Businesses and private foundations usually have different requirements for writing proposals than most federal or government agencies. And while grant-giving foundations often provide an outline of the format they prefer, there is more to writing a proposal in business than just the usual structure of your skills, goals, research or general narrative.
Well-written proposals are those that are framed and based on a company, organization or foundation’s objectives, needs and mission statements without sacrificing your ability to deliver a great service or compromising your organization’s interests in the process. Additionally, if there is a detailed checklist of people who get to judge your proposal or a checklist of what the job requires, you’ll be able to write a proposal that would pique the reader’s interests, especially with the following elements included:
1. Abstract/summary: Considered by most professionals as the most important part of the proposal template your abstract should have a compelling title. If there is no required length, it should be no longer than half or a whole page max. Set your subheadings in bold letters and don’t forget to highlight the answers to these questions:
What will be done? Who is going to do it and when? How long is the proposed services, research or activities going to take? What problem or issue needs to be answered and who will benefit from it?
2. Statement of need: This is where you need to state what the needs of the organization are or the issue you want to address and why it should matter, albeit a pitch of why they need to consider your proposal and not someone else’s. You also have to include your services’ or the proposal’s limitations. If it’s a research or a grant proposal, convince the organization or panel that what you are proposing isn’t going to be a duplicate of another work. In some cases, Replication of someone else’s work in a new environment or larger scale may still be fundable.
3. Project/services/activity: What are the specific activities involved? If you’re proposing a service, map out what it includes as well as the corresponding prices. You also have to establish who is going to be in charge of these activities and present a timeline for work schedule expectations; when the service or activity is expected to take place and what the specific deliverables are. Provide tables and charts to make the information more comprehensive and easier to understand.
4. Description: Discuss the project or activity including everyone involved, briefly in your proposal. This also eliminates misunderstandings about what everybody’s task or responsibilities are and the possibility of being required to provide more results or output more than what was originally agreed.
5. Evaluation: For research, this should be both measured or quantitative and qualitative if it’s doable. Provide an outline for the methodology you’re going to use in the project’s success.
6. Dissemination: Dissemination should be connected to what your task or projects’ goals and objectives are.
With too much competition going on in the same marketplace, it’s not enough to have the skills set needed to complete a project or a job, no matter how reputable you come across as, to prospective clients. A winning proposal may not necessarily guarantee you to win the client’s contract but it does help in presenting that you can and you meant to deliver. Here are some steps to help you write a proposal that gets deals and grants:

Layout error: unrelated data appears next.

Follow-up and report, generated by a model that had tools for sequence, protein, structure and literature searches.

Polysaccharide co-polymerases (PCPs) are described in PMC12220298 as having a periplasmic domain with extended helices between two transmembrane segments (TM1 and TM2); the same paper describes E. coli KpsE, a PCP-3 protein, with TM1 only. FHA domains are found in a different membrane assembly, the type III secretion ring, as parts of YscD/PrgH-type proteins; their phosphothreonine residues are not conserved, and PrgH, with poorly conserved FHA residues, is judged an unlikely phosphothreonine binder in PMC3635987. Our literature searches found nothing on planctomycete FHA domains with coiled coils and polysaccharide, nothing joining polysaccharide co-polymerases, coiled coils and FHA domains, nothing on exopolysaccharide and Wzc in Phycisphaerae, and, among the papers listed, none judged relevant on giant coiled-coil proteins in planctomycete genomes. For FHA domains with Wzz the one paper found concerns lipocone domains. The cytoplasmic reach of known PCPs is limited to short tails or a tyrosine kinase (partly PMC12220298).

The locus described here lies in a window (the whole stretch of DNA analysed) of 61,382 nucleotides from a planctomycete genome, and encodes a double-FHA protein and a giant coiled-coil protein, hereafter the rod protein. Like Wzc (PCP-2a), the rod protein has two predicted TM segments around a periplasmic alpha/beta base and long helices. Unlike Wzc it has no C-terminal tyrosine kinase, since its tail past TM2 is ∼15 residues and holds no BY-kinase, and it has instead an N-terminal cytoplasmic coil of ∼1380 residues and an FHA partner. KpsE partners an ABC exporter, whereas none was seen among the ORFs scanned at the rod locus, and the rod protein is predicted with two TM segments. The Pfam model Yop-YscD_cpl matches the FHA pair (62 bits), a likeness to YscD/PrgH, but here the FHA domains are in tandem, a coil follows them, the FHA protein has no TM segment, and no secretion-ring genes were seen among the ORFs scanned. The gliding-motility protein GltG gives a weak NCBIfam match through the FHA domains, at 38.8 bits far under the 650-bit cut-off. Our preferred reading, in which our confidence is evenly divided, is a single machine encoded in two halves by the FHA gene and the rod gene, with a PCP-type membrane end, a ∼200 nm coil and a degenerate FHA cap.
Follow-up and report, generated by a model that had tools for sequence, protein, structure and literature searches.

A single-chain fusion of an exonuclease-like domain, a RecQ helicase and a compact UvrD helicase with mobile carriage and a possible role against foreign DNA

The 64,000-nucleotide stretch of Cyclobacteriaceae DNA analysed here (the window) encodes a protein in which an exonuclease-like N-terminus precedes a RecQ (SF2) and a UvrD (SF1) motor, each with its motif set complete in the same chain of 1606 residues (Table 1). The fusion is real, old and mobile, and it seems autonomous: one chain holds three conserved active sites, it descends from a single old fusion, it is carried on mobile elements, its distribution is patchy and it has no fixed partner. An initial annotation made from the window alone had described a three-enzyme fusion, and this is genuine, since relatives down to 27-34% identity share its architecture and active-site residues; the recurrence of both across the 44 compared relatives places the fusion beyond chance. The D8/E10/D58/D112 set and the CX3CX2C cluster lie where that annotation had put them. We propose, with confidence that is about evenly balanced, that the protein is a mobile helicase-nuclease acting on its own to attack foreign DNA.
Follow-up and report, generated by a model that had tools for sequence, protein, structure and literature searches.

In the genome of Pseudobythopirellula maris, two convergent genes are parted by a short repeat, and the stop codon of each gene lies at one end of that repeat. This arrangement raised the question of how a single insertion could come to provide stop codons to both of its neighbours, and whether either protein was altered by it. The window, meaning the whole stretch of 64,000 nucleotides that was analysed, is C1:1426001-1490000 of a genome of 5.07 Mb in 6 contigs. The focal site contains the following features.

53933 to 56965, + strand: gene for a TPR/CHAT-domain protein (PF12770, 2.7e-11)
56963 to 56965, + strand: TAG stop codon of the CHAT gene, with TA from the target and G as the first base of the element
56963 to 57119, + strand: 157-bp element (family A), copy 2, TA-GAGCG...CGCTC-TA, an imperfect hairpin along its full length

1. Read the request for proposal: In business, contractors and freelancers usually submit a proposal in response to getting an RFP from a client that needs specific services or projects completed with the required skills that are beyond their workforce’s expertise or simply want someone to do some sort of task for them. Make sure that you can meet what the client requires in a specific time frame, otherwise, don’t submit a proposal.
2. Ask questions: You want your proposal to focus on what the client’s actual needs are instead of a whole discussion of your experience in the field. Try to clear up any confusion in the RFP and put yourself in the client’s shoes, which means looking at the problem from their perspective. It might help further if you answer these questions: How would the client be evaluating the proposal and on what parameters? What are their policies in operations? You want your proposal to be written in line with the client’s operating policies.
3. Add a title page: You should have a title page as the cover to your business proposal. The title page should include the following information:
4. State the business need: A great proposal determines the problem, presents it and proposes a viable solution. Identifying the problem also means using clear terms and a business language that all parties would understand.
You can offer a roadmap. Your proposal should follow a smooth transition from the introduction onward. The best way to do this is by indicating how many parts there are and what components are included. This way, the proposal is more organized and easy to read and understand.
By the end of your proposal, after the client has read it, he should be able to consider the solutions you offered. Make sure you wrap up your proposal with a conclusion.
Most proposals basically follow the same guidelines. The key to writing a proposal that gets noticed and eventually wins the job is to make sure your ideas and proposed solutions are communicated in clear but simple terms. Make your points organized and make sure they’re convincing. Knowing how to write a persuasive proposal is important to be successful in many fields and endeavors in the academe, business and even in the field of Science and research.